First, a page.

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Multimorbidity and healthcare utilisation among high-cost patients in the US Veterans Affairs Health Care System.

Zulman DM, Pal Chee C, Wagner TH, Yoon J, Cohen DM, Holmes TH, Ritchie C, Asch SM - BMJ Open (2015)

Bottom Line: Multimorbidity was generally associated with greater outpatient and inpatient utilisation.However, increased multisystem multimorbidity was associated with a higher outpatient share of total costs (1.6 percentage points per affected body system, p<0.01) but a lower inpatient share of total costs (-0.6 percentage points per affected body system, p<0.01).Multisystem multimorbidity is common among high-cost VA patients.

View Article: PubMed Central - PubMed

Affiliation: Center for Innovation to Implementation, VA Palo Alto Health Care System, Menlo Park, California, USA Division of General Medical Disciplines, Stanford University, Stanford, California, USA.

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Related in: MedlinePlus

Variation in number of comorbidities among high-cost Veterans Affairs (VA) patients with common medical and mental health conditions (PTSD, post-traumatic stress disorder).
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BMJOPEN2015007771F2: Variation in number of comorbidities among high-cost Veterans Affairs (VA) patients with common medical and mental health conditions (PTSD, post-traumatic stress disorder).

Mentions: Figure 2 illustrates multimorbidity rates among patients with the five most common medical and five most common mental health conditions. For the majority of specified conditions, as many as two-thirds of affected patients had ≥5 total comorbidities. For certain conditions, however, such as cancer and schizophrenia, fewer than half of the affected patients had this level of multimorbidity. Among patients with cancer and schizophrenia, 22% and 18% had no more than one comorbid condition, respectively. In contrast, among patients with all other conditions listed, only 5–11% of affected patients had no more than one comorbid condition.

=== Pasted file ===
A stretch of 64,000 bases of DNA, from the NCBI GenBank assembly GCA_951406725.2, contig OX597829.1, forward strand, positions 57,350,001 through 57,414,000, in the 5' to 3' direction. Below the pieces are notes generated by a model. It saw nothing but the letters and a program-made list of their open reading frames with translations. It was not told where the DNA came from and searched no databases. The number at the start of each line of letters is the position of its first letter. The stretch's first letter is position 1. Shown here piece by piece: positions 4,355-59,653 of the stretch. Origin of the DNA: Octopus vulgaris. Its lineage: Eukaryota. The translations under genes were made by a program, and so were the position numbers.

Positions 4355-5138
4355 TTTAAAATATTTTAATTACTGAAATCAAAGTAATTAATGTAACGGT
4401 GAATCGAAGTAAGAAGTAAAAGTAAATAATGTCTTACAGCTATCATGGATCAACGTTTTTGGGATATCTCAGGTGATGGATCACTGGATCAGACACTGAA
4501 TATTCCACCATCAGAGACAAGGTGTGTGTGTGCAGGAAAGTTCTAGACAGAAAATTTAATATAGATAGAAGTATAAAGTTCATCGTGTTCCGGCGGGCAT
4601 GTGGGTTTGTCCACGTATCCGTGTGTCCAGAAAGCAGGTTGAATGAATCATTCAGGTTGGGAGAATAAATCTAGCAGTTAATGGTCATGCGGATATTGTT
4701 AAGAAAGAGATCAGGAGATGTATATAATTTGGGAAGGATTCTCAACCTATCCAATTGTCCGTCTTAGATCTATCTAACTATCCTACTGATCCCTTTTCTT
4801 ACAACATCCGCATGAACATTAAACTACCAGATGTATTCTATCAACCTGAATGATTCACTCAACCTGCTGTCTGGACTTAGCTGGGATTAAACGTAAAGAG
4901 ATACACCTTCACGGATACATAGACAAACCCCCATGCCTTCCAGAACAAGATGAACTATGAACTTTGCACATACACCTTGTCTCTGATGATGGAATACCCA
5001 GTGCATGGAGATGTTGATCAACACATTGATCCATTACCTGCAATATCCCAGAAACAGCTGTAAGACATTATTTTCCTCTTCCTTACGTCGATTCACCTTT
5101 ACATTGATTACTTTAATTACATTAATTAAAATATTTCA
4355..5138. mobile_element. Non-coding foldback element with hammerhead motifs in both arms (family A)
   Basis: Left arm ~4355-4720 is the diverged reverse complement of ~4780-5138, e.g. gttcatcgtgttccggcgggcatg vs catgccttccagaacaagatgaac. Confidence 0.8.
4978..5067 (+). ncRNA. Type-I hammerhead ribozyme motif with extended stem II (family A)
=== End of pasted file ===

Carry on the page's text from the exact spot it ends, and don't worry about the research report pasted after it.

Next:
Multimorbidity and healthcare utilisation among high-cost patients in the US Veterans Affairs Health Care System.

Zulman DM, Pal Chee C, Wagner TH, Yoon J, Cohen DM, Holmes TH, Ritchie C, Asch SM - BMJ Open (2015)

Variation in number of comorbidities among high-cost Veterans Affairs (VA) patients with common medical and mental health conditions (PTSD, post-traumatic stress disorder).
© Copyright Policy - open-access
Related In: Results  -  Collection

License
Show All Figures
getmorefigures.php?uid=PMC4401870&req=5

BMJOPEN2015007771F2: Variation in number of comorbidities among high-cost Veterans Affairs (VA) patients with common medical and mental health conditions (PTSD, post-traumatic stress disorder).
Mentions: Figure 2 illustrates multimorbidity rates among patients with the five most common medical and five most common mental health conditions. For the majority of specified conditions, as many as two-thirds of affected patients had ≥5 total comorbidities. For certain conditions, however, such as cancer and schizophrenia, fewer than half of the affected patients had this level of multimorbidity. Among patients with cancer and schizophrenia, 22% and 18% had no more than one comorbid condition, respectively. In contrast, among patients with all other conditions listed, only 5–11% of affected patients had no more than one comorbid condition.

Bottom Line: Multimorbidity was generally associated with greater outpatient and inpatient utilisation.However, increased multisystem multimorbidity was associated with a higher outpatient share of total costs (1.6 percentage points per affected body system, p<0.01) but a lower inpatient share of total costs (-0.6 percentage points per affected body system, p<0.01).Multisystem multimorbidity is common among high-cost VA patients.

View Article: PubMed Central - PubMed

Affiliation: Center for Innovation to Implementation, VA Palo Alto Health Care System, Menlo Park, California, USA Division of General Medical Disciplines, Stanford University, Stanford, California, USA.

Show MeSH
Related in: MedlinePlus